Well, the game’s in play in the Episcopal Church and action is in the challenges to the ownership of property. Were there bookies attending to such matters odds could be taken on the outcome of this or that local congregational battle to claim ownership of church, furnishings and funds, thereby denying that they are held in trust for the Diocese, or in turn for the Episcopal Church.
It also appears there are attempts being made in some dioceses to disengage from the canons of the Episcopal Church concerning property ownership. This, of course, raises yet another problem, one that has to do with diocesan withdrawal from the Episcopal Church, selective allegiance to or enforcement of the canons as they exist, and questions about whether or not a diocese can secede from the union of dioceses that is the Episcopal Church. Book making on these efforts is considerably more complicated.
It remains of course to question when, if ever, the Episcopal Church, by way of Executive Council, its agents, etc., or the office of the Presiding Bishop, will bring any of this to a head by challenging the continued viability of a Diocese that contravenes the clear intent of the canons. If a diocese by its own canonical changes disassociates itself from the National Church and its canons when it feels the Episcopal Church has operated contrary to Anglican values, or when it wishes to hold its property as a Diocesan or parochial entity, that diocese needs to be confronted with the reality that it has abandoned the faith and trust put in it by the Episcopal Church itself, and those persons who have done so are no longer the representative of the Episcopal Church in the Diocese question.
Thomas Bushnell’s excellent article, “What would +Rowan do?” is a good read on the future of the struggle between the realignment crowd and the Episcopal Church. In particular he spells out with great clarity why the realignment crowd is going to work hard to find ways to take property with them. The last sentences of his article says it succinctly: “This means that all their noise is not an attempt to achieve some other (essentially impossible) result, but rather an attempt to simply carry away as many toys as they can in the end. It is up to the rest of us, who don’t intend any leaving, to decide how many toys we are willing to let them steal.” Another interesting blog concerning the issues of ownership of property is A Voice in the Fundamentalist Wilderness , lots of good commentary.
The Moderator of the Network has already indicated in a Living Church article that his view of the future includes law suits: “It’ll be very interesting time. I mean, we don’t want to go to court, but it’s quite clear the Episcopal Church is always ready to go to court, and this time I think they might not be so willing to go to court, because we think there’s every reason they’lllose.”
It is reported that in the Diocese of Albany, a resolution is being proposed that states,
“RESOLVED, that the Canons of the Episcopal Diocese of
Property of any kind, either real or personal, held by the Trustees of the
Episcopal Diocese of
established by the Diocese, or any corporation established by a Parish of the
Diocese shall be subject to no trust or claim from any body or entity outside of
this Diocese, and all trusts or claims asserted by The Episcopal Church in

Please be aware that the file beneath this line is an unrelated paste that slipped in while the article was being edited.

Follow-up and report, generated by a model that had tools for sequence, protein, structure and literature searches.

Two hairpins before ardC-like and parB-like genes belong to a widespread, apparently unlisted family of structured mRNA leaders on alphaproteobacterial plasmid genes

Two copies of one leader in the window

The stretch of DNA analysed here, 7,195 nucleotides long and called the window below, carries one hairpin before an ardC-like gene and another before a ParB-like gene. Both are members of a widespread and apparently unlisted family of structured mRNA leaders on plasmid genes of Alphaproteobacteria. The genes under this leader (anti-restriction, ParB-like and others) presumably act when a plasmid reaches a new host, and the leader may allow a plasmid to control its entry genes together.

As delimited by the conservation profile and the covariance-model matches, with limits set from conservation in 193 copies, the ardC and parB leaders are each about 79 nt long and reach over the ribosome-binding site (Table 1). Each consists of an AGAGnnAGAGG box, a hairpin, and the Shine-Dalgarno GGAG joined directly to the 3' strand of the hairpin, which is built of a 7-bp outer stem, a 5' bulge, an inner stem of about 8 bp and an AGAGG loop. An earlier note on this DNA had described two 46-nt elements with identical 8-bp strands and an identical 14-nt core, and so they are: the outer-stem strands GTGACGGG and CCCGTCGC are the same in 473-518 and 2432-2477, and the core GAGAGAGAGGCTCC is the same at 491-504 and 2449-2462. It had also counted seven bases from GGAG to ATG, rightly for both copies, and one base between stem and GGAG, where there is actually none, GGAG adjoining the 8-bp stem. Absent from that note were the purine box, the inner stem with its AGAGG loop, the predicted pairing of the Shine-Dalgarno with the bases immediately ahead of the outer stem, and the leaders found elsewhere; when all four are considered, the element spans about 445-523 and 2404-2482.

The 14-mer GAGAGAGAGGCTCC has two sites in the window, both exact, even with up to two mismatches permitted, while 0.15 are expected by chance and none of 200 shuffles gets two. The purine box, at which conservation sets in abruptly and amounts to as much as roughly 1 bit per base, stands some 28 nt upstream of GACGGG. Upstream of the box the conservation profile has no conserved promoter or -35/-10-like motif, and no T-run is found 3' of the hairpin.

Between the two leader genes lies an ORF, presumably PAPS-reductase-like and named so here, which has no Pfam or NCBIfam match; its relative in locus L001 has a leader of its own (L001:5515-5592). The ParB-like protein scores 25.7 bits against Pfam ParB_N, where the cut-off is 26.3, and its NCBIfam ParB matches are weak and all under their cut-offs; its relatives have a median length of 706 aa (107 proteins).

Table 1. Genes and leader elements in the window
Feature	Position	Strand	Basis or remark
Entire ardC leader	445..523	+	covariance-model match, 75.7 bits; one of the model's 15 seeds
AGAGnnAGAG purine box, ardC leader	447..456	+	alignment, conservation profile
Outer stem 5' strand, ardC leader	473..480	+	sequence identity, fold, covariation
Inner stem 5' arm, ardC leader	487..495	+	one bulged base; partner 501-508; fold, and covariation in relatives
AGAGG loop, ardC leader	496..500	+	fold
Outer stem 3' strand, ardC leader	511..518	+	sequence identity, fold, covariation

This of course runs counter to Canon 7 section 4 and 5 which read,
“ Sec. 4: All real and personal property held by or for the benefit of any Parish,
The several Dioceses may, at their election, further confirm the trust declared under the foregoing Section 4 by appropriate action, but no such action shall be necessary for the existence and validity of the trust.”
Well, there it is: The resolution pending in the Diocese of Albany is raised in contradistinction to the canons of the Episcopal Church, denying the applicability of Canon 7 section 4 & 5.
Beyond the clear violation of Canon 7, the proposed resolution in the Diocese of Albany has made me think of another issue: The ultimate counter to Canon 7:4-5 is congregational. It is the argument that the congregation has control of its property. That may serve the realignment crowd in some short term way, but would any reconstituted pure North American “orthodox” church put up with a radically congregational approach to property, trust funds, etc? I don’t think so!
What the realignment crowd wants is for us to think that Canon 7:4-5 ought not inhibit congregations trying to take (as Thomas suggests) all the toys, a wildly congregational approach. At the same time the realignment crowd wants to say it is upholding Anglican Communion sensibilities that we are not a congregational church at all, and that decisions about our life, faith and common practice are not local, congregational or even national in context.
Well, good friends, you can’t eat the cake and have it too. Either the congregational rights to property are affirmed, in which case you are supporting a congregational polity, or the Canon stands, in which case property is held in trust for the Episcopal Church.
The desire to BOTH back local congregations taking their property and funds out of the Episcopal Church, and to maintain that Anglican Communion parishes do not operate outside a larger church frame, leads to an untenable position, one which is as deranged as is the whole effort to try to take the place of the Episcopal Church by claiming that it has ceased to be the “real” Episcopal Church.
This whole thing is an insult to the faithfulness of Episcopalians. If there are those who cannot agree, fine. We must learn to let go of them, bid them fair forward and move on ourselves. But if they intend to take property and funds on the basis of congregational “fairness” or diocesan disavowal of the decisions of the Episcopal Church in General Convention assembled, we ought to call it what it is: dissembling and two-faced.